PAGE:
I've done my fair share of debating about the health care legislation now stalled in Congress. I have no idea what the chances of its passing is. But being the father of a daughter with type 1 diabetes - a preexisting condition that will follow her all her life - I know she will be uninsureable under our current system. She (and I) will have to find refuge under government subsidized employer based insurance. Which means I must find big employers and hope that employer based insurance remains in tact for years to come.
I'm not totally confident that this is my only option. I need to look into it. Type 1 diabetes has a pretty strong community and I'm guessing I will always find ways to make sure she has access to insulin no matter what happens.
But, this system we have is arbitrary, random, inefficient, and insane. The Senate bill goes a long ways to making it less insane and provides some serious steps forward to finding greater efficiencies.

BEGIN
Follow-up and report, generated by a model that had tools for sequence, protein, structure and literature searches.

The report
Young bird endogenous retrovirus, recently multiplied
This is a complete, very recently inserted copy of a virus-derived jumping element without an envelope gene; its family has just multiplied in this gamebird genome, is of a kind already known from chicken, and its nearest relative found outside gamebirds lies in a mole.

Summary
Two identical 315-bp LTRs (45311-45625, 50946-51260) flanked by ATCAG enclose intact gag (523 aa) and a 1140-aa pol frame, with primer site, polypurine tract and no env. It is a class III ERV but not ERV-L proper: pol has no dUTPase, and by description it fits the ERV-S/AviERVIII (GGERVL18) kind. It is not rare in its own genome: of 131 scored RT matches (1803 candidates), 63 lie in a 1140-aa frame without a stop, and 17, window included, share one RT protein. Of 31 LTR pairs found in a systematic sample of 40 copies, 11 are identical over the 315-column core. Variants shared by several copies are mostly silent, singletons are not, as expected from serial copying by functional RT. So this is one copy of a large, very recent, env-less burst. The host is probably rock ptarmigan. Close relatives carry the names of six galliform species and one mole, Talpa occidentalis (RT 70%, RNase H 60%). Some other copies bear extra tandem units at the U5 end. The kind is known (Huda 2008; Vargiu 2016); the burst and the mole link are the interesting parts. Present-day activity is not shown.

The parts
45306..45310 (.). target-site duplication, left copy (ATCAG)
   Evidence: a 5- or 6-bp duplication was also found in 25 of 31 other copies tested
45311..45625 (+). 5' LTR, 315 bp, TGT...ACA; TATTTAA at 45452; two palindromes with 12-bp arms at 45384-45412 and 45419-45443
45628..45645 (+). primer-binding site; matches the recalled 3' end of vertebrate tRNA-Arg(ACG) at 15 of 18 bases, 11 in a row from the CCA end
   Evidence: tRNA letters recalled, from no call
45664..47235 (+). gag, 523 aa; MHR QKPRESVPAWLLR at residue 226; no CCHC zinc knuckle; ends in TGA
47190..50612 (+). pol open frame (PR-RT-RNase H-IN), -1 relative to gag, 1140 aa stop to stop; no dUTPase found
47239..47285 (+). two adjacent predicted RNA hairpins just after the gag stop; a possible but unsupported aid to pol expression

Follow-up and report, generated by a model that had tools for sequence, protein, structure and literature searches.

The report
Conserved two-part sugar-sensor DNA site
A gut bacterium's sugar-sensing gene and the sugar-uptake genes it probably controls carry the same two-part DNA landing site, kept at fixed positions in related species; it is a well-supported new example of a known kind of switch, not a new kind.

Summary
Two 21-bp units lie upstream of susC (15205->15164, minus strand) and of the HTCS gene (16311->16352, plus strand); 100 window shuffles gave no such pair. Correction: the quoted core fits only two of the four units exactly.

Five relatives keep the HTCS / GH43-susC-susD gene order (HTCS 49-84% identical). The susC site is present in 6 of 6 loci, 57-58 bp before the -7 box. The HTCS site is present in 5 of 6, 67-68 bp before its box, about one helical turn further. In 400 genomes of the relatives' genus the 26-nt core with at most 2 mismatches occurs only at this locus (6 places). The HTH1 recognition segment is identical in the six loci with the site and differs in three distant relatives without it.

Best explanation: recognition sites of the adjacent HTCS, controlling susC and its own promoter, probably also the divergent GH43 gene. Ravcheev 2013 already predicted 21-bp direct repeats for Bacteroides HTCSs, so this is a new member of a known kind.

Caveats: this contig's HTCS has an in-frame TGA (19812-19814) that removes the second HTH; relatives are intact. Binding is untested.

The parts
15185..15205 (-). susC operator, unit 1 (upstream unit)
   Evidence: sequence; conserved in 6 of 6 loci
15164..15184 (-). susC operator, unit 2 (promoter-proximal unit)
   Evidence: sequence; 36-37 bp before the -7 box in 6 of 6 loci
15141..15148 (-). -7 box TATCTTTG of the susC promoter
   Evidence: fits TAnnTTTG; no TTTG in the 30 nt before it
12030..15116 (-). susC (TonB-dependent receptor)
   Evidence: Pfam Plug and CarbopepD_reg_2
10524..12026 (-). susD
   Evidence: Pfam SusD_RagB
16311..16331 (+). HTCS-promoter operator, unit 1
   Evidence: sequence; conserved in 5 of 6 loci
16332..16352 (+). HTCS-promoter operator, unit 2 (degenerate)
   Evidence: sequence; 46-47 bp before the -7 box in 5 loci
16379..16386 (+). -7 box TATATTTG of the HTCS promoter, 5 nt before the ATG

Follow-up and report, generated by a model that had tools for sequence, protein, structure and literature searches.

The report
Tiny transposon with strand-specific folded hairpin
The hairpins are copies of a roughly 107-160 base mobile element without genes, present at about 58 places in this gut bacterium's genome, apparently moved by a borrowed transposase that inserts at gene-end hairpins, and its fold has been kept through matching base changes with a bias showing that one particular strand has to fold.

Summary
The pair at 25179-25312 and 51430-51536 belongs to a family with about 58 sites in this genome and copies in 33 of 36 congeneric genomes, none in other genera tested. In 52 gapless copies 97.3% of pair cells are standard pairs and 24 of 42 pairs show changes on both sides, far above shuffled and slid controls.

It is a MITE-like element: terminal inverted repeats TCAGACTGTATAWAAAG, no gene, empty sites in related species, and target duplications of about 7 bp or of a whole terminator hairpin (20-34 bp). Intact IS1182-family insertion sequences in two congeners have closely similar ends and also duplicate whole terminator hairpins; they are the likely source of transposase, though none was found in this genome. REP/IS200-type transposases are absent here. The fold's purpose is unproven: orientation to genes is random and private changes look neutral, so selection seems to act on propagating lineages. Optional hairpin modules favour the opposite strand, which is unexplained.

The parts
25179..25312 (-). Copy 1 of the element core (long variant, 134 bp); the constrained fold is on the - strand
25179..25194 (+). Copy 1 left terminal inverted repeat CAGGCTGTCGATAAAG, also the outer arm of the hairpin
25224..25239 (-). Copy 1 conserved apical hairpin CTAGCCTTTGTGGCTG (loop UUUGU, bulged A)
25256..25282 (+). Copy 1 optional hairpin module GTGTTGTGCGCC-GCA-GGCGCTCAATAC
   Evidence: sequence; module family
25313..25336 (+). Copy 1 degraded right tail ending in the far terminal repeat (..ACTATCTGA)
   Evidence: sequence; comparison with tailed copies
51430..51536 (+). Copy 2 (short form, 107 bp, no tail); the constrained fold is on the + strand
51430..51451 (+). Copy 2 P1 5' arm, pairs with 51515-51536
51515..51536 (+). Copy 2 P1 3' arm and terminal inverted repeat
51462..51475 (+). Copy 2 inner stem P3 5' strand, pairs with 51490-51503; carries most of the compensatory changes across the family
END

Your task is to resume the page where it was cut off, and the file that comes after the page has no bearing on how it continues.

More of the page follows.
There are fairly serious conservative proposals out there, but if you delve deeper into the more serious proposals that actually make attempts to provide coverage for everyone - they really are not a big departure from the Senate bill.
Detractors claim that the Senate bill is a government takeover. Really? That implies the government isn't already all over our health care system. It is. The bill just makes its involvement a little more obvious, and in doing so, has a greater chance in extending its subsidies more equitably.
Anyway, here's a little anecdote about how insane our current health care system works. In this story, a man has a preexisting condition created from childhood abuse and as a result is literally denied coverage from the single-payer system. He's lucky because he qualified for medicaid, but he has to make sure he stays qualified for medicaid - which means basically, no chance at building up assets for retirement, children's education, or other concerns.